Where's Waldo? with Python and OpenCV

OpenCV is a C++ library for computer vision. It can do image segmentation, feature recognition (e.g., face detection), video processing, and much more. I use it to correct for drift in atomic force microscopy data; here we'll use it to play Where's Waldo (or Wally for the Brits).

OpenCV comes with a Python wrapper, cv2, which stores the images as NumPy arrays. This makes it easy to switch between treating images as images, and as arrays.

In [1]:
# import OpenCV computer vision library
# we'll use imread, imdecode, resize, matchTemplate, minMaxLoc, and rectangle
import cv2

# import the standard numerical and plotting packages
import numpy as np
import matplotlib.pyplot as plt

# we'll use urllib for get images
import urllib
def url_to_array(url):
    request = urllib.urlopen(url)
    arr = np.asarray(bytearray(request.read()), dtype=np.uint8)
    return arr

Practice with PyLadies

In [2]:
# cv2.imdecode: load an image from a NumPy array
# http://docs.opencv.org/modules/highgui/doc/reading_and_writing_images_and_video.html?highlight=imdecode#cv2.imdecode
# for local files, there's cv2.imread
pyladies_url = 'http://www.pyladies.com/assets/images/pyladies_logo.png'
pyladies_arr = url_to_array(pyladies_url)
pyladies_img = cv2.imdecode(pyladies_arr, cv2.CV_LOAD_IMAGE_COLOR)
In [3]:
# images are just NumPy arrays!
print "height = %d, width = %d, n_colors = %d" % pyladies_img.shape
print "pixel (300,300) is %s (BGR)" % pyladies_img[300,300]
plt.imshow(pyladies_img)
height = 638, width = 1499, n_colors = 3
pixel (300,300) is [ 57   2 237] (BGR)

Out[3]:
<matplotlib.image.AxesImage at 0x2ed71d0>
In [4]:
# default is (blue, green, red)
# let's change it to (red, green, blue) for pyplot.imshow compatibility
# there's also cv2.imshow, which takes BGR images, but doesn't work in ipython inline :(
pyladies_rgb = pyladies_img[:,:,[2,1,0]]
print "shape is the same? %s" % (pyladies_rgb.shape == pyladies_img.shape)
print "now pixel (300,300) is %s (RGB)" % pyladies_rgb[300,300]
plt.imshow(pyladies_rgb)
shape is the same? True
now pixel (300,300) is [237   2  57] (RGB)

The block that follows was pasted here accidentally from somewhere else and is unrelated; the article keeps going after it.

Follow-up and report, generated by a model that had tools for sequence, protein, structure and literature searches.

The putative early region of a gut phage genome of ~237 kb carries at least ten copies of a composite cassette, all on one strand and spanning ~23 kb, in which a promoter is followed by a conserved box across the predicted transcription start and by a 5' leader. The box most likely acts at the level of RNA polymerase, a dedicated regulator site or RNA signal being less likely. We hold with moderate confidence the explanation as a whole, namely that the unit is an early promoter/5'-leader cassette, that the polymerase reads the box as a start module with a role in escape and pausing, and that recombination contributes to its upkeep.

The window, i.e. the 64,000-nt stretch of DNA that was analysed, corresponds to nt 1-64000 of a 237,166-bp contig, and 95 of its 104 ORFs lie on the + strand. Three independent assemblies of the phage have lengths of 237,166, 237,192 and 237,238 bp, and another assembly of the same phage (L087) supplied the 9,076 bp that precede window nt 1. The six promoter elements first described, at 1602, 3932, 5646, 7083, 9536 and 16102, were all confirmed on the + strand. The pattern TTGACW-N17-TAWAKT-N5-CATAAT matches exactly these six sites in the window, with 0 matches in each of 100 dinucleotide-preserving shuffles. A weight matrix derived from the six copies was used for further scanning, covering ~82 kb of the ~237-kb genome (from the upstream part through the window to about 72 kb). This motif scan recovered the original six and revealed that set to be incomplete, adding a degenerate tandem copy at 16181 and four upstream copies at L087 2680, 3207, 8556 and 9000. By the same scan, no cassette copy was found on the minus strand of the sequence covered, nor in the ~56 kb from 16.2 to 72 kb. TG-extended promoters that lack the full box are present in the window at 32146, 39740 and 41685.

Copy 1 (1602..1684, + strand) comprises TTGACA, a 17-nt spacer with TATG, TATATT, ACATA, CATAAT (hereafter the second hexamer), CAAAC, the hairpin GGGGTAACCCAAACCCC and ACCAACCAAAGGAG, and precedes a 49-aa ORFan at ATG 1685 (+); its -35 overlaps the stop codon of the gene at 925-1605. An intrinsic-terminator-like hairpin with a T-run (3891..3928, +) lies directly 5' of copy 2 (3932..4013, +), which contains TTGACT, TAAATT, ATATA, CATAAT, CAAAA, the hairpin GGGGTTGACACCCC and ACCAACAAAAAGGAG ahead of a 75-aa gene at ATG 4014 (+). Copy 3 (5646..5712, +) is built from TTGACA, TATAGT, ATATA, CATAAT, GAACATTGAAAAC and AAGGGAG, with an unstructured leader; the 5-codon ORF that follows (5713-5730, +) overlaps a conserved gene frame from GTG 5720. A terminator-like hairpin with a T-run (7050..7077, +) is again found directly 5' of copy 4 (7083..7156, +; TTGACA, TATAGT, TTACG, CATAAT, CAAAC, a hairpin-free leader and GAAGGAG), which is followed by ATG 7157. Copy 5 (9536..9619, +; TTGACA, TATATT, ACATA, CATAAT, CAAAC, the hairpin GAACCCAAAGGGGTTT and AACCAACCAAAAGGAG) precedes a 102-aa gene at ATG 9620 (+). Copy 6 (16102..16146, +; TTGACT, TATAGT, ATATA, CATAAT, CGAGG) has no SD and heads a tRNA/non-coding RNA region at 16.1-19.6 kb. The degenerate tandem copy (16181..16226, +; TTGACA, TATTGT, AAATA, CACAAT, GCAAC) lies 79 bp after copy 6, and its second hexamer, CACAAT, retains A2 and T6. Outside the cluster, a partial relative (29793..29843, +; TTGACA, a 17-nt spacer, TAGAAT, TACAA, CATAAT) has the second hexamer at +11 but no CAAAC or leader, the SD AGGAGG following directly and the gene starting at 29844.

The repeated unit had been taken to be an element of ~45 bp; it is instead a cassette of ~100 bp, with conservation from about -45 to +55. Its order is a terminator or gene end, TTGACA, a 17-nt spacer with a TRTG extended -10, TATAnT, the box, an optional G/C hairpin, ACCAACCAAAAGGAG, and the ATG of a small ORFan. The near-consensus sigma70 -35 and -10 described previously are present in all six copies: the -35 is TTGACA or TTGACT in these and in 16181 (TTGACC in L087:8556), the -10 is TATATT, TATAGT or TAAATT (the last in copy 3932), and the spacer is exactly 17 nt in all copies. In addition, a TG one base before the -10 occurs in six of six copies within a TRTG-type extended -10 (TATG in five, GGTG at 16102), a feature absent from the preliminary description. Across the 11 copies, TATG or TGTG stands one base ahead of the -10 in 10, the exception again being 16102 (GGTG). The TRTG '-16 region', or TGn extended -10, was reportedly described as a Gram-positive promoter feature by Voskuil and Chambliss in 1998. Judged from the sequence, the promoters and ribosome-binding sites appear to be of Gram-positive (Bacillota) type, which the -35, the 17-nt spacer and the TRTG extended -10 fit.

Out[4]:
<matplotlib.image.AxesImage at 0x3409d90>
In [5]:
# cv2.resize: resize an image
# http://docs.opencv.org/modules/imgproc/doc/geometric_transformations.html?highlight=resize#cv2.resize
tall_ladies = cv2.resize(pyladies_img,               # image
                         (pyladies_img.shape[1],     # new width
                          pyladies_img.shape[0]*2)   # new height
                         )
plt.imshow(tall_ladies)
tall_ladies.shape
Out[5]:
(1276, 1499, 3)

Where's Waldo?

In [6]:
# get the images
waldo_url = 'http://farm4.staticflickr.com/3790/9137762420_b851165bf4_o.png'
waldo_arr = url_to_array(waldo_url)
waldo_img = cv2.imdecode(waldo_arr, cv2.CV_LOAD_IMAGE_COLOR)
scene_url = 'http://farm6.staticflickr.com/5494/9137763452_8f51208ab2_o.png'
scene_arr = url_to_array(scene_url)
scene_img = cv2.imdecode(scene_arr, cv2.CV_LOAD_IMAGE_COLOR)
In [7]:
# cv2.matchTemplate: scan a template image through a scene image and get score for match at each position
# http://docs.opencv.org/modules/imgproc/doc/object_detection.html?highlight=matchtemplate#cv2.matchTemplate
scores = cv2.matchTemplate(scene_img,                  # scene image  
                           waldo_img,                  # template image
                           method=cv2.TM_CCORR_NORMED  # see docs for methods
                          )
plt.imshow(scores)
Out[7]:
<matplotlib.image.AxesImage at 0x3423210>
In [8]:
# cv2.minMaxLoc: get the min, max, argmin, and argmax of a scores array
# http://docs.opencv.org/modules/core/doc/operations_on_arrays.html?highlight=minmaxloc#cv2.minMaxLoc
min_score, max_score, (min_x, min_y), (max_x, max_y) = cv2.minMaxLoc(scores)
corner_topL = (max_x, max_y)
corner_botR = (corner_topL[0]+waldo_img.shape[1], corner_topL[1]+waldo_img.shape[0])
print corner_topL, corner_botR
(979, 842) (1013, 894)

In [9]:
# cv2.rectangle: draw a rectangle on an image
# http://docs.opencv.org/modules/core/doc/drawing_functions.html?highlight=rectangle#cv2.rectangle
scene_img_highlighted = scene_img[:,:,[2,1,0]].copy()